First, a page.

Dying matters – Let’s talk about it!
During Dying Matters Awareness Week (8–14 May 2017) the Public Health Agency (PHA) is urging everyone to take the opportunity to talk openly with those closest to them about their wishes about their future care, dying, death and bereavement.
This year’s theme is ‘What Can You Do’, as it challenges people to do something practical. This might be something for themselves, like making a will, or something for someone else who is bereaved, or caring for a dying relative.
Corrina Grimes, Allied Health Professions Consultant at the PHA, said: “We are encouraging the public to talk to each other about dying, death and bereavement, because talking about dying won't make it happen!
“Many of us have specific wishes about how and where we would like to die and what we would like to happen after our death. However, we sometimes don’t like to talk about our wishes and thoughts about death and dying, perhaps due to fear of the subject or concern that we may upset our family or friends.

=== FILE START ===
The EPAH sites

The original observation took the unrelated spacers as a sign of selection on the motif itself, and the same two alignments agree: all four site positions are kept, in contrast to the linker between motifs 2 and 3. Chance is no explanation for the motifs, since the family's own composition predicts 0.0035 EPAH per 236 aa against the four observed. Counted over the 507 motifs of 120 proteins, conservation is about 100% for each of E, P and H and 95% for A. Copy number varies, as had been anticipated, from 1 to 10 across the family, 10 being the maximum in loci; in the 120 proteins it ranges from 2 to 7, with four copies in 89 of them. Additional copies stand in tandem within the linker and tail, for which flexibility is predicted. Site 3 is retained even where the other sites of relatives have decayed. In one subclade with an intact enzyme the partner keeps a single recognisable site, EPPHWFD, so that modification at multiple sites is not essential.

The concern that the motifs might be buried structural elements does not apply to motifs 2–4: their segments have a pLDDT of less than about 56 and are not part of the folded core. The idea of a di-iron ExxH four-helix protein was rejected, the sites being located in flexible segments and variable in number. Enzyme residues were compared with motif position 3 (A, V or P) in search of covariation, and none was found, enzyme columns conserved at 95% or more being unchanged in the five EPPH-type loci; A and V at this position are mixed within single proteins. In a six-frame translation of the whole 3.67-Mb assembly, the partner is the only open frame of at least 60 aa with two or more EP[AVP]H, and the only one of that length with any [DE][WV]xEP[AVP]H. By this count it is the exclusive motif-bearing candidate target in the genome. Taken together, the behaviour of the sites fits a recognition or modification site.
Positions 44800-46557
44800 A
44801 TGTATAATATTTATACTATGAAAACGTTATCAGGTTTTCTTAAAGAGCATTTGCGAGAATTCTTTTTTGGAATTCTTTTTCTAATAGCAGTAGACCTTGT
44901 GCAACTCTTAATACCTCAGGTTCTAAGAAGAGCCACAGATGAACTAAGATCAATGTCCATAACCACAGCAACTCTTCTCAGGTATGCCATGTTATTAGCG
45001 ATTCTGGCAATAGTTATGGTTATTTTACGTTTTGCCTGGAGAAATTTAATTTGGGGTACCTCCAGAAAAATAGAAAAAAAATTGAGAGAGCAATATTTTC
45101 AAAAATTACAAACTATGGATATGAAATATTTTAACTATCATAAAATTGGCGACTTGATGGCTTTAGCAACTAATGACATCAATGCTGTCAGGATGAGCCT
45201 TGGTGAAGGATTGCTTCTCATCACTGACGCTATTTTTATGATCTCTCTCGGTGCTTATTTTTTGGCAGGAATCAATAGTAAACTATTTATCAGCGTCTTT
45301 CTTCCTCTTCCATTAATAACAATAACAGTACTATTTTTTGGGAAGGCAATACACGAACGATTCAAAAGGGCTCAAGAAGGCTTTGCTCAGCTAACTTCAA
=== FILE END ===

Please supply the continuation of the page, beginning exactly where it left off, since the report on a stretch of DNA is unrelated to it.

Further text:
“The reality is, however, that if we don’t have these types of conversations it can mean that people’s wishes go unfulfilled and families may struggle to make decisions. There may be important matters you want to address now rather than when time feels limited.”
Some simple steps that you can take to make your end of life experience better, both for yourself and for your loved ones, are:
- Make a will;
- Record your funeral wishes;
- Plan your future care and support;
- Register as an organ donor;
- Tell your loved ones your wishes.
Corrina continued: “We want to get as many people as possible thinking, talking and acting during Dying Matters Awareness Week.
“Talking about dying, death and bereavement is in everyone’s interests as it can help ensure that all of us can get the care and support we want, and where we want it, at the end of our lives.
“Even just having a chat with family, friends or colleagues about the importance of preparing for death can change perceptions. Through being more confident in talking about dying and taking small actions to plan for the future and support each other, together we can make a big difference. Talking about death does not bring it any closer. It is about planning for life.”